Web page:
GENEVA (AP) — Russian Foreign Minister Sergey Lavrov says Russian troops that have streamed into Ukraine are protecting his country's citizens living there.

Lavrov says it's necessary to use Russian troops in Ukraine "until the normalization of the political situation."

He told an opening session of the U.N. Human Rights Council in Geneva today that Russia is committed to human rights and "military interventions on the pretext of civilian population produce the opposite effect."

Ukraine has accused Russia of a military invasion, and has called on Kremlin to withdraw its troops.

MOSCOW (AP) — Russia's Internet monitoring agency has blocked 13 Internet pages linked to the Ukraine protest movement that helped oust the country's Russia-leaning president last week.

Roskomnadzor says in a statement published online that it's been ordered by the general prosecutor's office to shut down the pages on Russia's leading social media website. The agency says the groups "propagandized the activity of Ukrainian nationalist groups," and accused them of encouraging "terrorist activity" and "participation in unsanctioned mass actions."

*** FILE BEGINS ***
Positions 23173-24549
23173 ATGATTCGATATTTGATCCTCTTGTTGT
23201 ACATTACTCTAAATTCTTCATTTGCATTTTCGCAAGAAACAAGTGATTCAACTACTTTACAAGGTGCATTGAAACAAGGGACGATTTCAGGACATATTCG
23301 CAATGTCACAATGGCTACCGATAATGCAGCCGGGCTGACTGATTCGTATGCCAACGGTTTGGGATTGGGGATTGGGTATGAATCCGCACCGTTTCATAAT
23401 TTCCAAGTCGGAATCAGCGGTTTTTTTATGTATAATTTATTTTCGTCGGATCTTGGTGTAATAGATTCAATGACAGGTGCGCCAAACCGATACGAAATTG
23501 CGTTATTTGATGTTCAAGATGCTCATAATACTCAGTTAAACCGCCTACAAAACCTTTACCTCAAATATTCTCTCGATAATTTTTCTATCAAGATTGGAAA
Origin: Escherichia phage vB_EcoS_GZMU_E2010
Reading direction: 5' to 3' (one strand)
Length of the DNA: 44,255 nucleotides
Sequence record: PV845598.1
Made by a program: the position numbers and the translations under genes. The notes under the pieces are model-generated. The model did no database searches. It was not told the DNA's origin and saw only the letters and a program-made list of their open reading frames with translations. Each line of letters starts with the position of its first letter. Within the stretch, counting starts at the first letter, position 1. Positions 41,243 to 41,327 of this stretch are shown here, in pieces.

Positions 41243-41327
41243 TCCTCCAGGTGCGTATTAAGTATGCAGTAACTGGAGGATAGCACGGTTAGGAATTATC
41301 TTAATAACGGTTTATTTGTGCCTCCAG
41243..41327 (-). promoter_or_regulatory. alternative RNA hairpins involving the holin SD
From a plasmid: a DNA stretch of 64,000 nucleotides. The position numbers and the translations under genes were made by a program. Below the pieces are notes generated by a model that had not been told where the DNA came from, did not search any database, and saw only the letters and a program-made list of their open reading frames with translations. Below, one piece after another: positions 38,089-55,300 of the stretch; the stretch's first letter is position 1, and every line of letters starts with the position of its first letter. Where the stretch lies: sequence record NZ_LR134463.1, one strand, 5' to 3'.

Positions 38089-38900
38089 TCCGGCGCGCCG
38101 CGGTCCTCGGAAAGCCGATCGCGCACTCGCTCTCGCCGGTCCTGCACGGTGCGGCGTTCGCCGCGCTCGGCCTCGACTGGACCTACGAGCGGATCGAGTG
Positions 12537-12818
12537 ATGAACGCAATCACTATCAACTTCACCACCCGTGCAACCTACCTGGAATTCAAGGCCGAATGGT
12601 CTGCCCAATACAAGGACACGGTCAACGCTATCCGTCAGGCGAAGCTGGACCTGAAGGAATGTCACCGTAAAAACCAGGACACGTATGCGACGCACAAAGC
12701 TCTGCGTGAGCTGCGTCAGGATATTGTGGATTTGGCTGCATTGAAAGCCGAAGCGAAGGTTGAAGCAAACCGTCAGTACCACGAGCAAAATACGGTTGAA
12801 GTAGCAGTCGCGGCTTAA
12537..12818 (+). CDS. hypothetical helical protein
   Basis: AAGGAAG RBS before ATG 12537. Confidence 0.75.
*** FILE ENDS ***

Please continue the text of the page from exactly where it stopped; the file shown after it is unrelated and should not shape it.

The largest pro-demonstration group, which has more than 500,000 members, is not accessible to users on Russian territory today.

While much of Russian media is state-controlled, the Internet has so far remained largely free from censorship and has provided an active forum for anti-government criticism.